Above the polysilicon layer is another insulating layer 84. The next layer is a first metalization layer 86. The segmented conductive plane can be formed in the first metalization layer 86 by masking the first metalization layer 86 after it is formed with a photoresist. The metalization layer 86 with photoresist is exposed to light and then etched to form the patterns. This procedure is the same as is presently used to form patterns in metalization layers when creating the electrical interconnections between devices on an integrated circuit. The conductive plane can alternatively be formed by selectively depositing the first metalization layer 86 in the desired pattern. For example, pattern 910 can be used to create both the conductive segments and the filaments of the conductive plane in layer 86. Alternatively, pattern 930 or 940 can be used to create filaments in a layer below layer 86, and pattern 920 can be used to create conductive segments in layer 86 or a layer above layer 86. A via can be used to connect the filaments and the conductive segments.
Above the first metalization layer 86 is another insulating layer 84. The next layer is a second metalization layer 87. The second metalization layer 87 can be used to form a connection trace to one end of the spiral inductor. Above the second metalization layer is another insulating layer 84. The top layer is a third metalization layer 88 in which a spiral inductor 12 can be formed.
A conductive plane can be formed in one of the following: doping region layer 83, polysilicon layer 85, or first metalization layer 86. Alternatively, the conductive plane can be formed in more than layer as described above. Specifically, the conductive segments of the conductive plane can be in one layer and the filaments can be another layer. The closer the conductive plane is formed to the spiral inductor, the more parasitic capacitance there is associated with the spiral inductor. Typically, the doping region layer 83 is the layer that is the farthest from the spiral inductor. However, the doping region layer 83 is more resistive than the metalization layer 86 or the polysilicon layer 85 depending on the IC technology employed. The polysilicon layer 85 is more resistive than the metalization layer 86. As the resistivity of the segmented conductive plane increases, the electrostatic shielding that the segmented conductive plane provides becomes less effective and the electric field loss increases. Electric field loss translates into a reduction in the Q of the spiral inductor. Therefore, a tradeoff exists between spiral inductor loss and spiral inductor capacitance depending on the layer selected as the segmented conductive plane and the distance between the spiral inductor and the segmented conductive plane.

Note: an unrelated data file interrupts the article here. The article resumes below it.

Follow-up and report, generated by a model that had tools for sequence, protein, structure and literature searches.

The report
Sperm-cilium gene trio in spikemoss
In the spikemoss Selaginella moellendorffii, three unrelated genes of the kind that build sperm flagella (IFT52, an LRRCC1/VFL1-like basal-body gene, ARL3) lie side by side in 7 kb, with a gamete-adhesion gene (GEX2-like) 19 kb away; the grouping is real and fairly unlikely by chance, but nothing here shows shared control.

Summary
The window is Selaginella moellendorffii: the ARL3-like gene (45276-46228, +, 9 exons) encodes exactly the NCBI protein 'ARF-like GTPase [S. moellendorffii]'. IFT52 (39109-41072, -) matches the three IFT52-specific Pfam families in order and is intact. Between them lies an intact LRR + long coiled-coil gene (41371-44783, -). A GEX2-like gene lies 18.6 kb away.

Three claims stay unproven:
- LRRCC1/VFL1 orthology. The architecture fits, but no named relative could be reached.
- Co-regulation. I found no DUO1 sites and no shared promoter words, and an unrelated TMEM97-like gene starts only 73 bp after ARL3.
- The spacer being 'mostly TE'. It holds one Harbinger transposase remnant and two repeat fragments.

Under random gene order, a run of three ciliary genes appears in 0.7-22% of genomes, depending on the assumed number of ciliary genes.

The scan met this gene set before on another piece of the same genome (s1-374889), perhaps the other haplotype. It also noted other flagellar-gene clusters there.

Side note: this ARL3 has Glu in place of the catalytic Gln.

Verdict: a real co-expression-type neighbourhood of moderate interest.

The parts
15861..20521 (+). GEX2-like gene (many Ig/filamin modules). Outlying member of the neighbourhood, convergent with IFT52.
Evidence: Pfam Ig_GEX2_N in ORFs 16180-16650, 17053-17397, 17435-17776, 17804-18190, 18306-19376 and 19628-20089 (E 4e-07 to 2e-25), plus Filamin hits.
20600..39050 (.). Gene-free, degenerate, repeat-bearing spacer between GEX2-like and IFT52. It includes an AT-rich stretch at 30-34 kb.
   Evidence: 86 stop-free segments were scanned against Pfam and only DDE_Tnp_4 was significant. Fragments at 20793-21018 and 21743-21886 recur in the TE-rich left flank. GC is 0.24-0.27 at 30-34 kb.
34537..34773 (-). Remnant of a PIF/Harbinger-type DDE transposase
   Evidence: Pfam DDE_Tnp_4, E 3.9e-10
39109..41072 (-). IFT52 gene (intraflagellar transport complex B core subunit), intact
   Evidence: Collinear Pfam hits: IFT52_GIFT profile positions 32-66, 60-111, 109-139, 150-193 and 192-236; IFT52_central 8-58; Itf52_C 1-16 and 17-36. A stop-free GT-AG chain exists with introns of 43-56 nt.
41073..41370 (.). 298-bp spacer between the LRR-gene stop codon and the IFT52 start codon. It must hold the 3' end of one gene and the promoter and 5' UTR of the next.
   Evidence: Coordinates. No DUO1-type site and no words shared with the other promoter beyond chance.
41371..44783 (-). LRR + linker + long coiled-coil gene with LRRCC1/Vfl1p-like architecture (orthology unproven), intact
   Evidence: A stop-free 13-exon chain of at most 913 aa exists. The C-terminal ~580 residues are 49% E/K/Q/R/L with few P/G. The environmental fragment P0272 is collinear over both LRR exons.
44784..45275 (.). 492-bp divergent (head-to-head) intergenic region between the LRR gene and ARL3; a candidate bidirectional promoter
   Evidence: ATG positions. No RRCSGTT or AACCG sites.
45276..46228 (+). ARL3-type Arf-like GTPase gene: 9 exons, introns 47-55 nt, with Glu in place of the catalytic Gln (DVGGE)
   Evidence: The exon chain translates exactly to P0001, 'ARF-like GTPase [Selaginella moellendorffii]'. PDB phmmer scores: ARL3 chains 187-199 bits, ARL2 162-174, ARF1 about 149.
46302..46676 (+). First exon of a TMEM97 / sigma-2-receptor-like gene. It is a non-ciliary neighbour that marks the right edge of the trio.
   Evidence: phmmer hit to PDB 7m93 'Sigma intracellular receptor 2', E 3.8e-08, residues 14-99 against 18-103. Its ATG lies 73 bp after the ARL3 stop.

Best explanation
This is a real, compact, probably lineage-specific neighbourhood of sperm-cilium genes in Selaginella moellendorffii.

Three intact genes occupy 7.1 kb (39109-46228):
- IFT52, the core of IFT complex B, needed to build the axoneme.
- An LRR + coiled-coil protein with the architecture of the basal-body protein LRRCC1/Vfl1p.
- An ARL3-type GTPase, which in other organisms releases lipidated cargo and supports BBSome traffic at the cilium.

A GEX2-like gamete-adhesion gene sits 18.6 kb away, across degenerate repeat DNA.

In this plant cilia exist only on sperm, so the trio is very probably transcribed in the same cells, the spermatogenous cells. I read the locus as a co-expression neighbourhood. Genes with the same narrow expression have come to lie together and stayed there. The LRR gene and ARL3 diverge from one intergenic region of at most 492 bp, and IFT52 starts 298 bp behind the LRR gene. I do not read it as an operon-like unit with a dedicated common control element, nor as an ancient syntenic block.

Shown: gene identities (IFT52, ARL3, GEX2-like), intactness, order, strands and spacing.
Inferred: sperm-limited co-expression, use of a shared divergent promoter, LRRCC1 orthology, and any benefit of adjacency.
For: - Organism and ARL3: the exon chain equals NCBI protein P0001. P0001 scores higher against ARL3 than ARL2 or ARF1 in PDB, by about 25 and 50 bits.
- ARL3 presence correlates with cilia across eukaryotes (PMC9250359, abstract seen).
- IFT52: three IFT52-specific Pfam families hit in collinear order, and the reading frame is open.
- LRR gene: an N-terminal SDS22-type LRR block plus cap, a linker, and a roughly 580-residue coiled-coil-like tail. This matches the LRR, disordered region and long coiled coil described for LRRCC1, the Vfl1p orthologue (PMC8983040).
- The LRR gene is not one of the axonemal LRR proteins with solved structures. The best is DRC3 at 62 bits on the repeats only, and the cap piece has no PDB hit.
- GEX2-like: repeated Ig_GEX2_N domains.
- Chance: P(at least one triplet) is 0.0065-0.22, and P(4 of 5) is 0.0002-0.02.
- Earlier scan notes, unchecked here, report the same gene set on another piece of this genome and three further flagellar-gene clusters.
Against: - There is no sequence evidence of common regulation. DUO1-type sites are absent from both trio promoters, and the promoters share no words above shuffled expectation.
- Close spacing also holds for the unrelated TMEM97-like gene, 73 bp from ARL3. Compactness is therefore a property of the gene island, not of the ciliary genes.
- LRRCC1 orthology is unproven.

Inductors are typically implemented using the top 2 metal layers, for these metal layers have the lowest capacitance to the shield and the substrate. In the example above, the IC described has 3 metal layers; therefore, it is most beneficial to build the inductor using the second and third metal layers. In some advanced IC technologies, in excess of 5 metal layers are available. When implementing inductors in these technologies, one would choose to use the top-most metal layers to achieve the lowest parasitic capacitance.
Thus, an integrated circuit inductor with a conductive plane between the inductor and the substrate has been described. Although the present invention has been described with reference to specific exemplary embodiments, it will be evident to one of ordinary skill in the art that various modifications and changes may be made to these embodiments without departing from the broader spirit and scope of the invention as set forth in the claims. Accordingly, the specification and drawings are to be regarded in an illustrative rather than a restrictive sense.
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|U.S. Classification||336/84.00C, 257/531|
|International Classification||H01F41/04, H01F27/36, H01F17/00|
|Cooperative Classification||H01F17/0006, H01F27/362|
|European Classification||H01F17/00A, H01F27/36A|
|Mar 27, 2001||AS||Assignment|
Owner name: ATHEROS COMMUNICATIONS, INC., CALIFORNIA